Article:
Joke TulenJoke H.M. Tulen, PhD

Associate Professor of Psychophysiology Head Research and Education Unit

Department of Psychiatry
Erasmus MC: University Medical Center Rotterdam, The Netherlands

Biographical sketch


Johanna (Joke) Tulen received her MSc degree in Psychology from the University of Amsterdam in 1984 (Cum Laude), after which she started her work in psychophysiological research at the department of Psychiatry at the Erasmus University of Rotterdam. In 1993, she finished her PhD thesis (Cum Laude) on catecholamines, mood, and cardiovascular control mechanisms. She was awarded the Mitchell B. Balter Award of the Journal of Clinical Psychopharmacology in 1997 for a paper on a novel tool to quantify physical activities psychopharmacological research. In 2002, she became an Associate Professor of Psychophysiology at the Erasmus Medical Center and currently functions as Head of the Research and Education Unit of the department of Psychiatry of the Erasmus Medical Center in Rotterdam.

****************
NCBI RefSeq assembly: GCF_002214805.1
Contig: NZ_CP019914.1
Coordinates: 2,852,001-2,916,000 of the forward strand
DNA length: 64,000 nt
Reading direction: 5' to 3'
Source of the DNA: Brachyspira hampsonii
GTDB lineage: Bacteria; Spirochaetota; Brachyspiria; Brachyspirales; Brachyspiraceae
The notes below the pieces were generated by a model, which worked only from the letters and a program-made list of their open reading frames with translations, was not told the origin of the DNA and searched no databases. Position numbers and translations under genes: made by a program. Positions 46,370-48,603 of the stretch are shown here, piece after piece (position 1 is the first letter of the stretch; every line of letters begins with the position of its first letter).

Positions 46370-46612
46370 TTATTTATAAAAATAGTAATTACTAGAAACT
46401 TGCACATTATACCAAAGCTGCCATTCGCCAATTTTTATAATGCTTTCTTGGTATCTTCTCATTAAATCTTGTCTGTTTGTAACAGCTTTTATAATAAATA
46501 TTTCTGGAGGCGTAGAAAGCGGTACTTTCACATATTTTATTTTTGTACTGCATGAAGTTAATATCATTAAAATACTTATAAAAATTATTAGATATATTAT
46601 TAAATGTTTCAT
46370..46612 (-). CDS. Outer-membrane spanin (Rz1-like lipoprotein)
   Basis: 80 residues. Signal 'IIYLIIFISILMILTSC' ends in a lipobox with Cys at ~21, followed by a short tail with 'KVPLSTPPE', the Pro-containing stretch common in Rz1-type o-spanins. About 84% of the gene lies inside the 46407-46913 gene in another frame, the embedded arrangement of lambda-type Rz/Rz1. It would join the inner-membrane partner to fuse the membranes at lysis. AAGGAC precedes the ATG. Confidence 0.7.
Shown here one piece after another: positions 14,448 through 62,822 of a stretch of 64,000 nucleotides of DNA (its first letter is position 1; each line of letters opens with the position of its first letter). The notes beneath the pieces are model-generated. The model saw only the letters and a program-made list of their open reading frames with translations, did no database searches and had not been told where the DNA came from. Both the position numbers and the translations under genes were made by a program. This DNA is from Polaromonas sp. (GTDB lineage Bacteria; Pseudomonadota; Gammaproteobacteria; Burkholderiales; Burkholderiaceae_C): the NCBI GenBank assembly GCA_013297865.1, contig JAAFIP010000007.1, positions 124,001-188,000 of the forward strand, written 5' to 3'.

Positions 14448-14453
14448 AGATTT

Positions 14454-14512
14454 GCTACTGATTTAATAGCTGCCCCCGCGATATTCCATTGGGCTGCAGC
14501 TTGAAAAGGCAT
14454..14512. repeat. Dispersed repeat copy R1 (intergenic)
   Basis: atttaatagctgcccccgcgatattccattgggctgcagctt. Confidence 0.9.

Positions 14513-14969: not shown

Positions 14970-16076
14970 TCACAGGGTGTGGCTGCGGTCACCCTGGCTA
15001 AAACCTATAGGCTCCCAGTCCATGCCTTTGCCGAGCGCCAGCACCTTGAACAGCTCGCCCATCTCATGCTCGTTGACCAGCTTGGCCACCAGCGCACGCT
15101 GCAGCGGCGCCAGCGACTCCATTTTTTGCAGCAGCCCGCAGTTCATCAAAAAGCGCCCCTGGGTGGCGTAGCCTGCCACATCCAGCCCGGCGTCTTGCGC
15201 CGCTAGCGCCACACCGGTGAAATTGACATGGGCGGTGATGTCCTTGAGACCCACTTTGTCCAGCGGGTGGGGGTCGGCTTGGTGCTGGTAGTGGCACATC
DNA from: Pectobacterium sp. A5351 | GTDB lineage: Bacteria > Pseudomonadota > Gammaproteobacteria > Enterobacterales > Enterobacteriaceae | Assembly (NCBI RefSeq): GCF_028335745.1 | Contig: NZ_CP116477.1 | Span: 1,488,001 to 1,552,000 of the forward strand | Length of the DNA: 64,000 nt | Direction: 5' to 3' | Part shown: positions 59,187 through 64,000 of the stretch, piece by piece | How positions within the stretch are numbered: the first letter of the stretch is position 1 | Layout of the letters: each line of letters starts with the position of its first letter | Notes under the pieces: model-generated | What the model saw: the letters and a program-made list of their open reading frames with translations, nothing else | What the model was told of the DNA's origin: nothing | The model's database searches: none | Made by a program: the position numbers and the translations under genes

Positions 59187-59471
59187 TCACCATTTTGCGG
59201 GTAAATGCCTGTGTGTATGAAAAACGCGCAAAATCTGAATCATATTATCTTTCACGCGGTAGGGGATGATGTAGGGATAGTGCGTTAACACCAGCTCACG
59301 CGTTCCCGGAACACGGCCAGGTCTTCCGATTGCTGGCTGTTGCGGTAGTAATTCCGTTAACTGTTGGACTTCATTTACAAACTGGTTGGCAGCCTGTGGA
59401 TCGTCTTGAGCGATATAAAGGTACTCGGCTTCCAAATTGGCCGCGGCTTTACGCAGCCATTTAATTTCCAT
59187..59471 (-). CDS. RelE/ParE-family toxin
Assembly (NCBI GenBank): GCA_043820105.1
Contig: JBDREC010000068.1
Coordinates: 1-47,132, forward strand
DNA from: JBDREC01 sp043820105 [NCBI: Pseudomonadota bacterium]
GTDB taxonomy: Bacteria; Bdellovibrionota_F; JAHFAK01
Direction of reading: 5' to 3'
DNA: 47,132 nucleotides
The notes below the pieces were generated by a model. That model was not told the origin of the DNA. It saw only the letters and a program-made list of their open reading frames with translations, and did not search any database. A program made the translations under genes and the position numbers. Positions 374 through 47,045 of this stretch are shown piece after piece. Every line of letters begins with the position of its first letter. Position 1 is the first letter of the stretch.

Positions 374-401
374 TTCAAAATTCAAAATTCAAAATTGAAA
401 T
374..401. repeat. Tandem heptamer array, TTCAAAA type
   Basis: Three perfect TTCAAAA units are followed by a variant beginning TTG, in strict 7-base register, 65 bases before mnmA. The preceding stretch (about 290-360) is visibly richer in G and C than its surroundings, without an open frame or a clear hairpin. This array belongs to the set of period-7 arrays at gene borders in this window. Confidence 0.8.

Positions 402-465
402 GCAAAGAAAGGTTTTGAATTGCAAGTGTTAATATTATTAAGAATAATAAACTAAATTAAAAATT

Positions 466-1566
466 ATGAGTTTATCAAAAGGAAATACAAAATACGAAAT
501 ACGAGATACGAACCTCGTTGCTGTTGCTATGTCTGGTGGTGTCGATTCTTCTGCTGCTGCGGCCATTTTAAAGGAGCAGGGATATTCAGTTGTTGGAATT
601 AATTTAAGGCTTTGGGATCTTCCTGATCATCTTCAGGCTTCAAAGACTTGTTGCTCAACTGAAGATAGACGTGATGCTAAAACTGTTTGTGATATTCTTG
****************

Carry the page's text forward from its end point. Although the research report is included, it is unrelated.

Research interests


The research of Dr Tulen focuses on emotional disturbances (its cognitive, affective, somatic, and motoric components) in psychiatric disorders. By means of psychophysiological parameters, emotional disturbances are studied in relation to clinical symptoms and illness severity. In addition, the effects of pharmacological challenge tests and treatments are evaluated in relation to these parameters to determine if the psychophysiological measurements provide relevant effect parameters related to efficacy of treatment.
Presently, cognitive processes (attentional bias, emotional labelling, priming), situational factors (social context, laboratory or ambulatory research), and somato-motoric processes (autonomic adaptation, monoaminergic activity, HPA-as activity, physical activities) are studied in relation to (disturbances in) emotions, illness severity and symptoms, and daily functioning in psychosis, depression, ADHD, the syndrome of Gilles de la Tourette, post-operative delirium, and children with anxiety disorders.



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